We reserve the right to remove any post that we feel is obscene, profane, vulgar, racist, sexually explicit, abusive, or hateful.
You are legally responsible for what you post and your anonymity is not guaranteed.
Posts that insult, defame, threaten, harass or abuse other readers or people mentioned in IBJ editorial content are also subject to removal. Please respect the privacy of individuals and refrain from posting personal information.
No solicitations, spamming or advertisements are allowed. Readers may post links to other informational websites that are relevant to the topic at hand, but please do not link to objectionable material.
We may remove messages that are unrelated to the topic, encourage illegal activity, use all capital letters or are unreadable.

Messages that are flagged by readers as objectionable will be reviewed and may or may not be removed. Please do not flag a post simply because you disagree with it.

Sponsored by

facebook - twitter on Facebook & Twitter

Follow on TwitterFollow IBJ on Facebook:
Follow on TwitterFollow IBJ's Tweets on these topics:
Subscribe to IBJ
  1. These liberals are out of control. They want to drive our economy into the ground and double and triple our electric bills. Sierra Club, stay out of Indy!

  2. These activist liberal judges have gotten out of control. Thankfully we have a sensible supreme court that overturns their absurd rulings!

  3. Maybe they shouldn't be throwing money at the IRL or whatever they call it now. Probably should save that money for actual operations.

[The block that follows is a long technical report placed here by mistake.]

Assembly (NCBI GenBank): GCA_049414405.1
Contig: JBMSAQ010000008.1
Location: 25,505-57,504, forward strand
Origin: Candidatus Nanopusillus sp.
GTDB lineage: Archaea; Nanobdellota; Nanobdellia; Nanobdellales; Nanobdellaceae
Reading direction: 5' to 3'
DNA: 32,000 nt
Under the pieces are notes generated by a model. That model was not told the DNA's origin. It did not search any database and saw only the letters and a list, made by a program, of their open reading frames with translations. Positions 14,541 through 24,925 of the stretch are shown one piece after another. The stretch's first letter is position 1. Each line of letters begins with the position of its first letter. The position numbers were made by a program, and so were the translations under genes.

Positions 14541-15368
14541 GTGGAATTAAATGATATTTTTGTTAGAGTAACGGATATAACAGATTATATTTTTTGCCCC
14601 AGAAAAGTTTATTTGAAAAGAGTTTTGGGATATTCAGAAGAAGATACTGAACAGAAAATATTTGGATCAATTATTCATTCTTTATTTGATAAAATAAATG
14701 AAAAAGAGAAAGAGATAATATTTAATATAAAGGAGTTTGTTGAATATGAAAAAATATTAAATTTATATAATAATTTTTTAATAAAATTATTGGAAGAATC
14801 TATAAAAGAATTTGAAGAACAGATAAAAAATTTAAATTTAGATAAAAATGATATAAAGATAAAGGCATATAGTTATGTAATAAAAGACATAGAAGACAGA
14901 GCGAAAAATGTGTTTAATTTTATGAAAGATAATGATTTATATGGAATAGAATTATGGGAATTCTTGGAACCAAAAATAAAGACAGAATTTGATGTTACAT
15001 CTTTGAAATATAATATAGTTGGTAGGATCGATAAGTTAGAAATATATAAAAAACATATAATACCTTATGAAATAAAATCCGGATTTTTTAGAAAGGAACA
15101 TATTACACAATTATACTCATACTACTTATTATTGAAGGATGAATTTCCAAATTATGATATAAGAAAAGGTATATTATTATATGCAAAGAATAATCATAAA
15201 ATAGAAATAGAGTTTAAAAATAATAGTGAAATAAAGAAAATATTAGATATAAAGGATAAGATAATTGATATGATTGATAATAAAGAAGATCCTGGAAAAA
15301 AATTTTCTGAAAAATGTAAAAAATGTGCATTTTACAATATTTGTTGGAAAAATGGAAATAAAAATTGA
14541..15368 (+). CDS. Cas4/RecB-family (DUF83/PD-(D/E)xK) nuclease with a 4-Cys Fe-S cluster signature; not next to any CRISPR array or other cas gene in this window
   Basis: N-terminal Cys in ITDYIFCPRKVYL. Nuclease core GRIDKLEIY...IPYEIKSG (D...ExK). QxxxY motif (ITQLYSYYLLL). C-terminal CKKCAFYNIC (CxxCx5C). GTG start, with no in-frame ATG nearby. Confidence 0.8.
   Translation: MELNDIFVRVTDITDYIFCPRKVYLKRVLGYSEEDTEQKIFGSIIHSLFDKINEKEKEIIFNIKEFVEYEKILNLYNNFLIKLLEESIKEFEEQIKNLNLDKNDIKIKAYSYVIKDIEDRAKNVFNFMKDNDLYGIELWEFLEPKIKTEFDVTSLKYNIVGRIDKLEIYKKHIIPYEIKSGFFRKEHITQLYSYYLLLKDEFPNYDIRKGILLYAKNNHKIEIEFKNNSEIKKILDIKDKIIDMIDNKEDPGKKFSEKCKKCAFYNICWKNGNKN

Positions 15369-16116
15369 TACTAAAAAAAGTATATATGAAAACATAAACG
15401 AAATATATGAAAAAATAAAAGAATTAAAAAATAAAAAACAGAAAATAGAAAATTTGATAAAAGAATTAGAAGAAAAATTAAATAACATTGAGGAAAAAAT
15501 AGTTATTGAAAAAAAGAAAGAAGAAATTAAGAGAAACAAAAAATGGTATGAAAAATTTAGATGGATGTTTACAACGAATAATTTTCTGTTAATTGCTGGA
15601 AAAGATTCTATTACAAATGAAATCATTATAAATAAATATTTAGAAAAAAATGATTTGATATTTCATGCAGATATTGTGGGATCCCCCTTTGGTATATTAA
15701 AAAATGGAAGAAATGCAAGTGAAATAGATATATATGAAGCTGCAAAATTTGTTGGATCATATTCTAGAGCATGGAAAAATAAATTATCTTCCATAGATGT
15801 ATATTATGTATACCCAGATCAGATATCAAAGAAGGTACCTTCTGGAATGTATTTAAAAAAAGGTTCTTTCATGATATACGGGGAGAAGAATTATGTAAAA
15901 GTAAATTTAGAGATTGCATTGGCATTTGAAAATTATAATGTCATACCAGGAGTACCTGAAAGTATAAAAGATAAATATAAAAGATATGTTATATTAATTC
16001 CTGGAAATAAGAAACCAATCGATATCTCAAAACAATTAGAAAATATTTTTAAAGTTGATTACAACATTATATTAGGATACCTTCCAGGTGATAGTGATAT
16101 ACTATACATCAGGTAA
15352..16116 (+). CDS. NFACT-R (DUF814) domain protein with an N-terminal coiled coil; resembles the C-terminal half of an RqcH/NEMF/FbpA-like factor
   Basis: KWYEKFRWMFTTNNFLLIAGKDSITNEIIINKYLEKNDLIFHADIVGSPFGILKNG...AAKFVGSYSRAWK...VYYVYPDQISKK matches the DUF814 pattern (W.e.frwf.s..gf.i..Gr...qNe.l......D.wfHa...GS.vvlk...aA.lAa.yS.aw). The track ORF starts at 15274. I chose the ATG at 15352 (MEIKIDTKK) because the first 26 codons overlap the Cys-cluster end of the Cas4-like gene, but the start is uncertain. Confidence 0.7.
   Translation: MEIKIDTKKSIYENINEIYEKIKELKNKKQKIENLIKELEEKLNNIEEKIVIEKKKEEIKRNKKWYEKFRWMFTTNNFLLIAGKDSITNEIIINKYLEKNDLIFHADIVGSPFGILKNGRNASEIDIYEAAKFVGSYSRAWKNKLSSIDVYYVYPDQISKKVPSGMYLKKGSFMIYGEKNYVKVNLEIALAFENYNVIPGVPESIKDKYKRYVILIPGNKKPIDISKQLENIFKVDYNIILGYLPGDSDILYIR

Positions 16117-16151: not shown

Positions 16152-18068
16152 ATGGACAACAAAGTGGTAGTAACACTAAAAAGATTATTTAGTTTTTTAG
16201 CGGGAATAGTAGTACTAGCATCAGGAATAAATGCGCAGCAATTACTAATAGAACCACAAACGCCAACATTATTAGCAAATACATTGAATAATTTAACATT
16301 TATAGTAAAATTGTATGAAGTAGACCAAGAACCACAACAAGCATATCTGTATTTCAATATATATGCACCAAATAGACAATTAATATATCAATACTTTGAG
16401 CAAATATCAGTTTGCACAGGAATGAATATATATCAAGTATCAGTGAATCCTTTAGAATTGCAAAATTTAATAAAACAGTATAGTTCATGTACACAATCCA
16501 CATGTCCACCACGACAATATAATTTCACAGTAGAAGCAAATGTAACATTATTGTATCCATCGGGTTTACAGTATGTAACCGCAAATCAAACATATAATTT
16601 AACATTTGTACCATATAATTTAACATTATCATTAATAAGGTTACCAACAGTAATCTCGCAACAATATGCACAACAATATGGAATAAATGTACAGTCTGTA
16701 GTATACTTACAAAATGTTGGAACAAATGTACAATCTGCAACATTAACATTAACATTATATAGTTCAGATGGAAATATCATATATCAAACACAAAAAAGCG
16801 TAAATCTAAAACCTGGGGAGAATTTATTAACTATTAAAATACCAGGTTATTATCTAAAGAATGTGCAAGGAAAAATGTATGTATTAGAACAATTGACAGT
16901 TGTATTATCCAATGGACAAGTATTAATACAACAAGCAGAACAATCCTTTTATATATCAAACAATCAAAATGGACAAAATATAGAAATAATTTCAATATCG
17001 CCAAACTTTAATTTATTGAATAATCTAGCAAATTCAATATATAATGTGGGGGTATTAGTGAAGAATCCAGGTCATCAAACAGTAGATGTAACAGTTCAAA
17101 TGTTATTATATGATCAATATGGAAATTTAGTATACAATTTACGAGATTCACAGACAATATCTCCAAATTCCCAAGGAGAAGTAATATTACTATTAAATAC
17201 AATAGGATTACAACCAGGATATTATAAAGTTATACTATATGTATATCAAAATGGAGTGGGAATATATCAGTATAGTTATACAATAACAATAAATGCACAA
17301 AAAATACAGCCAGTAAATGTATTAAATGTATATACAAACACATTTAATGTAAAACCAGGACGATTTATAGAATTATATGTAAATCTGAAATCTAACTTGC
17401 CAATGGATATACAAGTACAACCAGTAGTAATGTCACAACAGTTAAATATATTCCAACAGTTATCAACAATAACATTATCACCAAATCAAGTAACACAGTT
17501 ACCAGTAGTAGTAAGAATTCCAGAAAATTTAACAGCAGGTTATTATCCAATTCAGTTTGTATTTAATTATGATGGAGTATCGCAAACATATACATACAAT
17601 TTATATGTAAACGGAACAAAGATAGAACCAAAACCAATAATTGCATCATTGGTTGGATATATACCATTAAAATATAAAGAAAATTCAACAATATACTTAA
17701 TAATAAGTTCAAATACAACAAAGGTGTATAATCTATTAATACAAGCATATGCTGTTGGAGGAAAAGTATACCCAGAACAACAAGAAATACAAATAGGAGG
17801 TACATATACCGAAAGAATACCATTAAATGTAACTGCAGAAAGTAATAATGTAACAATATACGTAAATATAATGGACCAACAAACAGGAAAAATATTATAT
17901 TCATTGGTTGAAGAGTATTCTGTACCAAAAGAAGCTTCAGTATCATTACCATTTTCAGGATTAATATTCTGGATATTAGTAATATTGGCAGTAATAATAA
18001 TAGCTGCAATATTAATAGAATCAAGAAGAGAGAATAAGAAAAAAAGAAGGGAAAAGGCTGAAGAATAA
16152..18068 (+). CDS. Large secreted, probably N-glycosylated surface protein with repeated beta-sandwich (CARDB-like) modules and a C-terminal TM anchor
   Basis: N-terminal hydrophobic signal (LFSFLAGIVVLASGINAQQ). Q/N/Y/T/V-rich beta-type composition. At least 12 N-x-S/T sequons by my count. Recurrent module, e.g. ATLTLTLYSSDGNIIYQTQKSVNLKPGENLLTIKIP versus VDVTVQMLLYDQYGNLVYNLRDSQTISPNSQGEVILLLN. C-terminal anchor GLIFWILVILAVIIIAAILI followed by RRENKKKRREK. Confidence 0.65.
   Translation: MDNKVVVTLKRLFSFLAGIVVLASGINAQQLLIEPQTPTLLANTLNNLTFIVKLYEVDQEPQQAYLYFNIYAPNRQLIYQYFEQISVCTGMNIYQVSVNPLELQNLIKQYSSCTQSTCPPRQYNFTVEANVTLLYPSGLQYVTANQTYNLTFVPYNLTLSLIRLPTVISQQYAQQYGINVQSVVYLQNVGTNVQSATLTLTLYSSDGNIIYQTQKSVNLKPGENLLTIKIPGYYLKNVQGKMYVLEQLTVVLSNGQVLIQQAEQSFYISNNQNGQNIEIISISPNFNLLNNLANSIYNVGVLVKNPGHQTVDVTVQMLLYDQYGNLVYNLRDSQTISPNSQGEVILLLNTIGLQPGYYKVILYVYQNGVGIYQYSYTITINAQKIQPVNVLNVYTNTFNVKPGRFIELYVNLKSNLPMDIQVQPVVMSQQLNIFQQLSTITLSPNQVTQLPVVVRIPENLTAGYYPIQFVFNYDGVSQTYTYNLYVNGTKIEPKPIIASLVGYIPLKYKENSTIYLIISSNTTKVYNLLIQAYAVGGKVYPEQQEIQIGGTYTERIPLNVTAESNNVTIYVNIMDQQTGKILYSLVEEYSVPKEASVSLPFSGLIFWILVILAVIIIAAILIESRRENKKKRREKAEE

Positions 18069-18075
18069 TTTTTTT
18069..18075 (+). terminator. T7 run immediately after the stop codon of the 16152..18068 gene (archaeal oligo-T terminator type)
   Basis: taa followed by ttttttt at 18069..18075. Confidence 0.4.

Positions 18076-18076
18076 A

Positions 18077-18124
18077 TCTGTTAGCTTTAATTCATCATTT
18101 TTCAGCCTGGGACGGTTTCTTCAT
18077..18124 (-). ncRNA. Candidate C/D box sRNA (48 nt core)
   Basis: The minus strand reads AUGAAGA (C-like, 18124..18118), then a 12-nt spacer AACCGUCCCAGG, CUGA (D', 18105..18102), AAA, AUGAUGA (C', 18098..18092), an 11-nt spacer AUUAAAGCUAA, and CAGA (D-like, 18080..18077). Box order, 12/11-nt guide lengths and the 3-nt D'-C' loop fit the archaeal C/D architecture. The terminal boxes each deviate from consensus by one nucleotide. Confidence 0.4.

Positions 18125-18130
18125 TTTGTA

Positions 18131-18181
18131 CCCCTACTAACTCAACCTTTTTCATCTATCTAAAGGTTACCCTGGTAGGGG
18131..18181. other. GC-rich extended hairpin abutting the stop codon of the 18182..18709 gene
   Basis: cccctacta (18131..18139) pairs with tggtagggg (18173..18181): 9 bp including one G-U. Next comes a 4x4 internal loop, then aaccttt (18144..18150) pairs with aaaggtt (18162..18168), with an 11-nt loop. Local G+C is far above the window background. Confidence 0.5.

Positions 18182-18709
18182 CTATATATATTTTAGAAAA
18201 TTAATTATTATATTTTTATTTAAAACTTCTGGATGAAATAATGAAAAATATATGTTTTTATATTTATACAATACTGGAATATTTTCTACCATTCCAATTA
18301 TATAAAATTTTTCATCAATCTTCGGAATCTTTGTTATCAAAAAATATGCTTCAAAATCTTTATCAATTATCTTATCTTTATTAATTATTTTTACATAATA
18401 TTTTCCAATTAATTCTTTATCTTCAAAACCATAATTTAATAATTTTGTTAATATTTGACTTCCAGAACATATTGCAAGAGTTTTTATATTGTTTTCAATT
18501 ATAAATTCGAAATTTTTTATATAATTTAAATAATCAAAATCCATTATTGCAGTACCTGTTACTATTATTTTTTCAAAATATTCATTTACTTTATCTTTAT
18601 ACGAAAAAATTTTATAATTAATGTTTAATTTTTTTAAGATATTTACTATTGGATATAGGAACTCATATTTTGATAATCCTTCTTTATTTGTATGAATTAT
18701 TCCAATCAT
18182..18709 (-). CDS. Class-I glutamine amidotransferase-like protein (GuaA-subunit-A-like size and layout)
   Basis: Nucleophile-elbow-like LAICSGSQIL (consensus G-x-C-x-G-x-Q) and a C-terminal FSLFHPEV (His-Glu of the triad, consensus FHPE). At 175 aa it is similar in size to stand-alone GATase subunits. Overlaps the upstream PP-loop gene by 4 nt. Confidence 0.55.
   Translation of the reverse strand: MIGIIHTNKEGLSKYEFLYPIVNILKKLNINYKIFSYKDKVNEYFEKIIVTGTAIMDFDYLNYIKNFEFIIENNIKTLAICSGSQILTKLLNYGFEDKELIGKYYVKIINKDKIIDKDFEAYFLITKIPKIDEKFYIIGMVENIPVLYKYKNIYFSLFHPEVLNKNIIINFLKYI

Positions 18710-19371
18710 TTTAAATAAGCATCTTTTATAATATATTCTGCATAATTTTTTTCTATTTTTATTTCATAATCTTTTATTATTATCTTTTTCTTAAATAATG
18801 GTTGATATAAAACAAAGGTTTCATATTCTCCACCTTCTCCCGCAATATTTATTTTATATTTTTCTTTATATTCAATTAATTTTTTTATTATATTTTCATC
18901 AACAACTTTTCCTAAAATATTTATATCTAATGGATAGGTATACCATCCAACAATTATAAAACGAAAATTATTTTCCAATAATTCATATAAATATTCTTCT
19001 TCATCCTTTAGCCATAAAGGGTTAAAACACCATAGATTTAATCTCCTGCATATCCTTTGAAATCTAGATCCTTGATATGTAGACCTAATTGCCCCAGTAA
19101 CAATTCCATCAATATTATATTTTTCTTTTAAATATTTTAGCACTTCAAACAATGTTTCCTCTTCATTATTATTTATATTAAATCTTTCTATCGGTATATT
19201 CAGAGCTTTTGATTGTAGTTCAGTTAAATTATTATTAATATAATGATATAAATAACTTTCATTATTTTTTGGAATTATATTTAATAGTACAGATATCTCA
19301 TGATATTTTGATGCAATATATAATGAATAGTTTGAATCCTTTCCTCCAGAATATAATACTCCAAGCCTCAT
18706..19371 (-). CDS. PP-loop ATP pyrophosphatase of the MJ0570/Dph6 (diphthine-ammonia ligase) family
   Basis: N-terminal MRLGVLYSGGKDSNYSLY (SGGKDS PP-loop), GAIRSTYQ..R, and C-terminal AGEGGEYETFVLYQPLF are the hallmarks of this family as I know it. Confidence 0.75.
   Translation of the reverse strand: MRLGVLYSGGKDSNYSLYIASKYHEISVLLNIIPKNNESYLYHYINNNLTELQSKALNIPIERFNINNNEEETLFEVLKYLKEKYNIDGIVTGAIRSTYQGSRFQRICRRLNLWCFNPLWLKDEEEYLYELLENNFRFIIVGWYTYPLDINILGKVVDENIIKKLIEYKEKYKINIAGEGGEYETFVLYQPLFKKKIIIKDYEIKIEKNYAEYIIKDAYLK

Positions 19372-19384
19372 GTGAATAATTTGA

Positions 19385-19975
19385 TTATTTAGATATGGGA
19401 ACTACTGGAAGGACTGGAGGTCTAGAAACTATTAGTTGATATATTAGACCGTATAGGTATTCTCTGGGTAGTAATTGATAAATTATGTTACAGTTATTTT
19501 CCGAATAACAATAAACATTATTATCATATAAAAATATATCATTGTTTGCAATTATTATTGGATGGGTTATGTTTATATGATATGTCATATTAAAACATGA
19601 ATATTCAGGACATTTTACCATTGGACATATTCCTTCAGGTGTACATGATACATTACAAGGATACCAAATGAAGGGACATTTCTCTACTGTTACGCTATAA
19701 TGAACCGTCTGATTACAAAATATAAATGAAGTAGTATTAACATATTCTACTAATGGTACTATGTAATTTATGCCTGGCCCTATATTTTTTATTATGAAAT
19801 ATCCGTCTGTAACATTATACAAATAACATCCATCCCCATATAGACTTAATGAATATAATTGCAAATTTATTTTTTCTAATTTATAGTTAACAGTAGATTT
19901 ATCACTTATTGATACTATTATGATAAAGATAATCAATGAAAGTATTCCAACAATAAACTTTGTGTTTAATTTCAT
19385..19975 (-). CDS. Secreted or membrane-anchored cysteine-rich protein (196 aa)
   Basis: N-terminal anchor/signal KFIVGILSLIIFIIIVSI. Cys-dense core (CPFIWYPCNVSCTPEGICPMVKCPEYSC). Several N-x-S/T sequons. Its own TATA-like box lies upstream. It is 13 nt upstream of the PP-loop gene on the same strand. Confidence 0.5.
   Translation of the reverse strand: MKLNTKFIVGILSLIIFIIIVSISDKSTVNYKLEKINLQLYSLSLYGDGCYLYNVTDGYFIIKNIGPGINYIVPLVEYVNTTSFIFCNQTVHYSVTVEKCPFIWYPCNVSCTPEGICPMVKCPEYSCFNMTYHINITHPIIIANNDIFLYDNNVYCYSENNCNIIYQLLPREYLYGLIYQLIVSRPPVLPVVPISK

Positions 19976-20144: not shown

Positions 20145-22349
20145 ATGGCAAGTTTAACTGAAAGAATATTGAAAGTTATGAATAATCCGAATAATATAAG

4. For you central Indiana folks that don't know what a good pizza is, Aurelio's will take care of that. There are some good pizza places in central Indiana but nothing like this!!!

  5. I am troubled with this whole string of comments as I am not sure anyone pointed out that many of the "high paying" positions have been eliminated identified by asterisks as of fiscal year 2012. That indicates to me that the hospitals are making responsible yet difficult decisions and eliminating heavy paying positions. To make this more problematic, we have created a society of "entitlement" where individuals believe they should receive free services at no cost to them. I have yet to get a house repair done at no cost nor have I taken my car that is out of warranty for repair for free repair expecting the government to pay for it even though it is the second largest investment one makes in their life besides purchasing a home. Yet, we continue to hear verbal and aggressive abuse from the consumer who expects free services and have to reward them as a result of HCAHPS surveys which we have no influence over as it is 3rd party required by CMS. Peel the onion and get to the root of the problem...you will find that society has created the problem and our current political landscape and not the people who were fortunate to lead healthcare in the right direction before becoming distorted. As a side note, I had a friend sit in an ED in Canada for nearly two days prior to being evaluated and then finally...3 months later got a CT of the head. You pay for what you get...